Very best,

Just send it in and see what they find. You don't have to authorize the repair if it's too expensive. I've personally had good experiences with the NJ repair facility.


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“It's kind of fun to do the impossible.” - Walt Disney.
Equipment: Tokina 12-24mm, Canon 40mm 2.8, Tamron 17-50 2.8 XR Di, Canon 18-55mm, Canon 50mm 1.8, Tamron 70-300VC / T3I and 60D

  
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MalVeauX
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May 23, 2015 22:51 |  #6

Frodge wrote in post #17568585 (external link)
Just send it in and see what they find. You don't have to authorize the repair if it's too expensive. I've personally had good experiences with the NJ repair facility.

When you send it in, are you committed to their initial quote, but not the revised quote? Or is it all just a waiting game where you get a quote and go from there?

Very best,


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Aswald
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May 23, 2015 23:28 |  #7

Some centers will have you commit to a service charge for inspecting/checking the faulty unit, depending on the nature of the diagnostics even if you decide against the quoted repair.




  
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Aswald
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Post edited over 4 years ago by Aswald.
     
May 23, 2015 23:34 |  #8

yamatama wrote in post #17567932 (external link)
If thats the case it is a shame that you need to have good luck and hope that your lens ends up in the hands of a good technician. IMO everyone working in Canon should be able to fix any kind of issue on any camera/lens.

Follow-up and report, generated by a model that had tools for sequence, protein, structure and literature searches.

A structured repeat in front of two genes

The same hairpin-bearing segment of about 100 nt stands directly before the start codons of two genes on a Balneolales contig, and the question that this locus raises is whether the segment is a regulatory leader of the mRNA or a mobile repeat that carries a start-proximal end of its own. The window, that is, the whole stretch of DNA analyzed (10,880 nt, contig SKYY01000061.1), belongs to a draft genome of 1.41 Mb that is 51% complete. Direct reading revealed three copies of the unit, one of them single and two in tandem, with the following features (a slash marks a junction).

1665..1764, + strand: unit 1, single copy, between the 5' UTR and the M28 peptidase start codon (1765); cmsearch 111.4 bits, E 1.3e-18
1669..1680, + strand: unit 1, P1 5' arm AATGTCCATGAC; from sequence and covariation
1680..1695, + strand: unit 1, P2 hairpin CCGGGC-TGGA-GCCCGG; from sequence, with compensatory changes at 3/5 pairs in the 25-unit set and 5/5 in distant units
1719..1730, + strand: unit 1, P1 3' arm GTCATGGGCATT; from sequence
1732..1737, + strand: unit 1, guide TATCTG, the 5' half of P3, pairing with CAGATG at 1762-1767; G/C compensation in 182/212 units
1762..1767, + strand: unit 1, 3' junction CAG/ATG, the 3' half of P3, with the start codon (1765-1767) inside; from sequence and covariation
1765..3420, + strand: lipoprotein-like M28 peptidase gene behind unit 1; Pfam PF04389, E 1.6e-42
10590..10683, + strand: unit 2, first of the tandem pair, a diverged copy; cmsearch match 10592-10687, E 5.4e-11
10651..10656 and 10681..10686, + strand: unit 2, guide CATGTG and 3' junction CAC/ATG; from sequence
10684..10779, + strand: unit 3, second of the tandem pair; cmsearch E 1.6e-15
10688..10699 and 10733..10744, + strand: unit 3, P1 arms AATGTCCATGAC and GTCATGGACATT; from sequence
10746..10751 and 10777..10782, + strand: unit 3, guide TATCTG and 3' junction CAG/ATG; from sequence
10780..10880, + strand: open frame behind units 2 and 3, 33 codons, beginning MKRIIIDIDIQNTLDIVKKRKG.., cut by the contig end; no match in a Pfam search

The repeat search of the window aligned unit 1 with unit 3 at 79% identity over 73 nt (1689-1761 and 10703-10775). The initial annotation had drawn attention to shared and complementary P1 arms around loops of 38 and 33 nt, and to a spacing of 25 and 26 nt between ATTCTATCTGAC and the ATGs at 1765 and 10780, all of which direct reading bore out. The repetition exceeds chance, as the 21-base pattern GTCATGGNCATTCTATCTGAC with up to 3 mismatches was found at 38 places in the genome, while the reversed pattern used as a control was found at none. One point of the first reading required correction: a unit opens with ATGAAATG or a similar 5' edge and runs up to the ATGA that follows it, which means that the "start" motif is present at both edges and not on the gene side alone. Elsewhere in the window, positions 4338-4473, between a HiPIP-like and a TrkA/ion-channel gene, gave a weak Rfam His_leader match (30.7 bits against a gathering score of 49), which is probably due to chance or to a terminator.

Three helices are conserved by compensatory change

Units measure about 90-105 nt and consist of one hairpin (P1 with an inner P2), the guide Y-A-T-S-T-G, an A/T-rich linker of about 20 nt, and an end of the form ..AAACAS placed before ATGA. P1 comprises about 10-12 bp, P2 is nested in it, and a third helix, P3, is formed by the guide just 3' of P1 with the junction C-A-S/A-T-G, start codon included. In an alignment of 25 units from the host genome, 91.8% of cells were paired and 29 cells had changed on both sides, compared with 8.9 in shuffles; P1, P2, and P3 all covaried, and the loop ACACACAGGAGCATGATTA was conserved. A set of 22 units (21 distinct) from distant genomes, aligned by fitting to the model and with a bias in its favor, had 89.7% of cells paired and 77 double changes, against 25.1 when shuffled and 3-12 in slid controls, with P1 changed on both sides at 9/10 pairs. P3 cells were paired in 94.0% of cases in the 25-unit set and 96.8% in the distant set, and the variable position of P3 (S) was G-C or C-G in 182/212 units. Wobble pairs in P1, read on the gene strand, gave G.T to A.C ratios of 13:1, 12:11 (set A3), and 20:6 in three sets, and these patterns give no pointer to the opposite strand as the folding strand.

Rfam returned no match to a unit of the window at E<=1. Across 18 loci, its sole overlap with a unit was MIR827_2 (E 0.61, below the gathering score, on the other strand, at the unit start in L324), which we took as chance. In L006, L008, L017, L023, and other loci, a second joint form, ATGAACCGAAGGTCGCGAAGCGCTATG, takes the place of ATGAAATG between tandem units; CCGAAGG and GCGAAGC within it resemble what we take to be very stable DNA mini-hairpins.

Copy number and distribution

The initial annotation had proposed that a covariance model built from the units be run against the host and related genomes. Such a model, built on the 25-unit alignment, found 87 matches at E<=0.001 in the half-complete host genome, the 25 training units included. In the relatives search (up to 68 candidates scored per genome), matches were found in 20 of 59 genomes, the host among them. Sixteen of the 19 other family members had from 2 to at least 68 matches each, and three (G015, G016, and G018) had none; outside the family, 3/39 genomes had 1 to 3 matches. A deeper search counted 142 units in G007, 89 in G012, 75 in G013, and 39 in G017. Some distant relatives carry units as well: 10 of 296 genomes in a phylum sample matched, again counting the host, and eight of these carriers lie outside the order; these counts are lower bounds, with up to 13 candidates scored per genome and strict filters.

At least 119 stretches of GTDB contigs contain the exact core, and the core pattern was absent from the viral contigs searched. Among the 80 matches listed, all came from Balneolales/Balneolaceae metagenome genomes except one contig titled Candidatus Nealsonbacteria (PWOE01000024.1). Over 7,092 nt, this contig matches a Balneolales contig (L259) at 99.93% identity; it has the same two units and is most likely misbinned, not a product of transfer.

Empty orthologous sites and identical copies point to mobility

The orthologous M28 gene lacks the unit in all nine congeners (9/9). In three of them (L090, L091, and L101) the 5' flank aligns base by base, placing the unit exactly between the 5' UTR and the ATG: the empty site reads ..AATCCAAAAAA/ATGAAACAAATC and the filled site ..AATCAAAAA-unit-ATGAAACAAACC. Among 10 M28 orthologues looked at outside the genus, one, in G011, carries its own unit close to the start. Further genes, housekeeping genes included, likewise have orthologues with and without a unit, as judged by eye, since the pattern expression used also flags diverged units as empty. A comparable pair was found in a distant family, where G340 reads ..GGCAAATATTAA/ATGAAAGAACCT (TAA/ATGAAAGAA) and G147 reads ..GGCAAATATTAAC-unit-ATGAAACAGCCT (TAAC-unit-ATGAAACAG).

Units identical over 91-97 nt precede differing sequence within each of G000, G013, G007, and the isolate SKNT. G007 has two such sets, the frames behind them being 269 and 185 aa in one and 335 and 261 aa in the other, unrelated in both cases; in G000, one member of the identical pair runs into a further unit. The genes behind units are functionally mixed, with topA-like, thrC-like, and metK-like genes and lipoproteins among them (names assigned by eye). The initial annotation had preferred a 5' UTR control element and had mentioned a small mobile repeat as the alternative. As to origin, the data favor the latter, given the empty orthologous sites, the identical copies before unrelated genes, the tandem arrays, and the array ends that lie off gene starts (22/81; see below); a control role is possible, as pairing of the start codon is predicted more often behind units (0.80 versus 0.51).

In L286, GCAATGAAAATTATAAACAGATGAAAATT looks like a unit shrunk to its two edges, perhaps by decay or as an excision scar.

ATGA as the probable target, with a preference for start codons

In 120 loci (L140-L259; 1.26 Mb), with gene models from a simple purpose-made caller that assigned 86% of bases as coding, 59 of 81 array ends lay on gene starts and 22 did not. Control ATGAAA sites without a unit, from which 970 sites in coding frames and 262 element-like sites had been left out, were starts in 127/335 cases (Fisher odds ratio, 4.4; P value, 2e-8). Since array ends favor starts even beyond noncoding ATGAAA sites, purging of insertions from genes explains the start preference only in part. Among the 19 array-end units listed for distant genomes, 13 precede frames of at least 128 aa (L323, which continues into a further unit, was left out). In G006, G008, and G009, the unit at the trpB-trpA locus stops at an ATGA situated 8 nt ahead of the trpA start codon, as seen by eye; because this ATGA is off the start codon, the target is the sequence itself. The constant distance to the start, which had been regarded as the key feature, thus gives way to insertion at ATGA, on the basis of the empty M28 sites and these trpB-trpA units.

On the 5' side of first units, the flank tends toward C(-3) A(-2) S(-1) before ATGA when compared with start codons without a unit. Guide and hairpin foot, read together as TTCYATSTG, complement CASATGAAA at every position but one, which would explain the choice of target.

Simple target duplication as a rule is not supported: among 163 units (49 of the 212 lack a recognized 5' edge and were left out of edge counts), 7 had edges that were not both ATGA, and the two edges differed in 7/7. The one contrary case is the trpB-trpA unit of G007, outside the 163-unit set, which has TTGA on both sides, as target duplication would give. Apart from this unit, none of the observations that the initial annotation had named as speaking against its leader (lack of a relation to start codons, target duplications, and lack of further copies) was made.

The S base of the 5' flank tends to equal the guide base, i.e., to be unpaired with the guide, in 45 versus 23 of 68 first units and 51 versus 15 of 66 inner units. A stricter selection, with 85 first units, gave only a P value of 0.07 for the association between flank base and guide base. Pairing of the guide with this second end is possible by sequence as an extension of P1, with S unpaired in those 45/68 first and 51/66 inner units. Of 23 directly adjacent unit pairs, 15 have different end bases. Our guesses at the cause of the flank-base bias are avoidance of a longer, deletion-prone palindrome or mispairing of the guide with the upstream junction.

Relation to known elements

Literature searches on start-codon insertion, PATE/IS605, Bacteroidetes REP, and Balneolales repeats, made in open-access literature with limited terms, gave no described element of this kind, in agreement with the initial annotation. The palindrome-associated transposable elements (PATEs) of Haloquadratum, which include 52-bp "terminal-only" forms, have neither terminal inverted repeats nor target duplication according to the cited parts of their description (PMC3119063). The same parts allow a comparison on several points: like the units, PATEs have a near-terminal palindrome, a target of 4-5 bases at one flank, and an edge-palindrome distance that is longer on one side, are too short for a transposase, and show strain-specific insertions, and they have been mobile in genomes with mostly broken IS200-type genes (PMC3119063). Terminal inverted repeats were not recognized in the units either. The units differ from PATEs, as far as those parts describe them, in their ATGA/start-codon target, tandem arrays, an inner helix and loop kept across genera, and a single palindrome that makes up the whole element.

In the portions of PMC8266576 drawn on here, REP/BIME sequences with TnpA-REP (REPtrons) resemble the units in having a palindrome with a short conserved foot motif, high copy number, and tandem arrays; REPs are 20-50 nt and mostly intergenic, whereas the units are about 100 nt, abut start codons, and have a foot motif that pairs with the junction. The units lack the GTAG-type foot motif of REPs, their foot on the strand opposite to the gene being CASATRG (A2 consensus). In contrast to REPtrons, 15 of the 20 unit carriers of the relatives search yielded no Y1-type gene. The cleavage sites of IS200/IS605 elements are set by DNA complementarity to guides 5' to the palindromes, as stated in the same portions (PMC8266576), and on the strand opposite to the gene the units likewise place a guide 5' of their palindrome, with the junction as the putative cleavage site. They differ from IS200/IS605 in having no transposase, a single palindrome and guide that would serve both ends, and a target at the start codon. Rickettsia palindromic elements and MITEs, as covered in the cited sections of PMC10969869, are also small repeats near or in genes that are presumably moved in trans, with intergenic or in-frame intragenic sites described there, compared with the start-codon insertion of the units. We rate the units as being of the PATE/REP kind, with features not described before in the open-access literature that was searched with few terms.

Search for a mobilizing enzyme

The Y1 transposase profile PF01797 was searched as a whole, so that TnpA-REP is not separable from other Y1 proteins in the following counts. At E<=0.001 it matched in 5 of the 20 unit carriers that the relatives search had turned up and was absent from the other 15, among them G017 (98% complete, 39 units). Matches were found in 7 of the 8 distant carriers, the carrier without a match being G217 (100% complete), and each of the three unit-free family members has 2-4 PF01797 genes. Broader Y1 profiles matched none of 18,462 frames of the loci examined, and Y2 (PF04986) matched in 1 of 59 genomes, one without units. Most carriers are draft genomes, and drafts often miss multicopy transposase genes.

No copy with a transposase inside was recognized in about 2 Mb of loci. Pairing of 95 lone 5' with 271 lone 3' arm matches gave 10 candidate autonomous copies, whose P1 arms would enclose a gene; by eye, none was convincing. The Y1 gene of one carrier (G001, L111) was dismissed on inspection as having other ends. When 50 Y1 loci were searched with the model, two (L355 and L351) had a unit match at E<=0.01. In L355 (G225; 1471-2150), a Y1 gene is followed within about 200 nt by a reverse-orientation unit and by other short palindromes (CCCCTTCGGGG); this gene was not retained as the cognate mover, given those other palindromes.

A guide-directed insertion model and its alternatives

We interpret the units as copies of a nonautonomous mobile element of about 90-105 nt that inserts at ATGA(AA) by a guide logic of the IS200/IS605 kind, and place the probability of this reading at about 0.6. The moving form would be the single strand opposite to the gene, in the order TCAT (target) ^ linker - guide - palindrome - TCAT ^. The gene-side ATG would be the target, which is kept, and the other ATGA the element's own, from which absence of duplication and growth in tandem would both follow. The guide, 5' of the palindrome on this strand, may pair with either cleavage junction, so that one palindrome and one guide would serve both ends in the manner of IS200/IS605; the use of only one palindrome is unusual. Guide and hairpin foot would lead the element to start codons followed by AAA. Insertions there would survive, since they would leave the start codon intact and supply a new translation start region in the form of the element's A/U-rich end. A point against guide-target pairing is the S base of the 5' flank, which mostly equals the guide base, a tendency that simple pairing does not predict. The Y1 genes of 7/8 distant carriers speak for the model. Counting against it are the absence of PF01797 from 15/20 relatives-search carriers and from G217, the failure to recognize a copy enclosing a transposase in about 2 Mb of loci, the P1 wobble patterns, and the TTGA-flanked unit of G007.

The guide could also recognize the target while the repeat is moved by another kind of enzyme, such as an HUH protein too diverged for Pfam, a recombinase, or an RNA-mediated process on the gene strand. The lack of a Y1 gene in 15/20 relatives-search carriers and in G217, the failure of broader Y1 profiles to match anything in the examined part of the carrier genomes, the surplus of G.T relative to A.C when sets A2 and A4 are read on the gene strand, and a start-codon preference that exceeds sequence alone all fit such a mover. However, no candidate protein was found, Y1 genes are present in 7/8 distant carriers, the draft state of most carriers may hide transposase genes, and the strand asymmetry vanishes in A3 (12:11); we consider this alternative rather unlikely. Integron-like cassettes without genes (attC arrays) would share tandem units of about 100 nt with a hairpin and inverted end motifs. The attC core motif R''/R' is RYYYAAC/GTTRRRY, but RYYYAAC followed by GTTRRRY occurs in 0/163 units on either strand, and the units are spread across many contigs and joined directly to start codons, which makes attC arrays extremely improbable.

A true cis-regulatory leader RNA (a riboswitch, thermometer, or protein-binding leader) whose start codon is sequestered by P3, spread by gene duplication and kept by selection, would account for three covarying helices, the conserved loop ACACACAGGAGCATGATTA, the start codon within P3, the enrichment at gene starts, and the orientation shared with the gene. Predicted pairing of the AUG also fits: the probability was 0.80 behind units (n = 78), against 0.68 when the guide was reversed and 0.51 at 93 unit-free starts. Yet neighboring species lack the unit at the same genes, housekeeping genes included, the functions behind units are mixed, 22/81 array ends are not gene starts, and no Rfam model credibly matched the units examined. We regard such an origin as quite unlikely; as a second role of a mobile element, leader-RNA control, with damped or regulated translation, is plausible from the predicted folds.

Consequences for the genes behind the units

I think it's the same with every other industry and it's virtually impossible to determine how good or how much a technician knows. While all of them have basic knowledge, the really good ones will excel and give really good repair/svc.

One thing you can do is to track where the good ones have gone. Very often, they leave Canon to set up their own independent repair centers.

While my few odd experiences with Canon have been far from desirable, I have to qualify that overall, they do try their best and are very professional.

I am happy to continuing to send them my gears for maintenance or repairs. I'll channel my energy to making more money so that I can replace old gears when the time comes.

Hope your lens get repaired properly. Don't give up. ;-)a




  
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DreDaze
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May 28, 2015 01:37 |  #9

only thing is you're going to be paying for repair now...seems like it would probably be cheaper to just rent the lens when you need it for weddings, than paying someone else to repair it instead of using the warranty


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My experience with Canon repair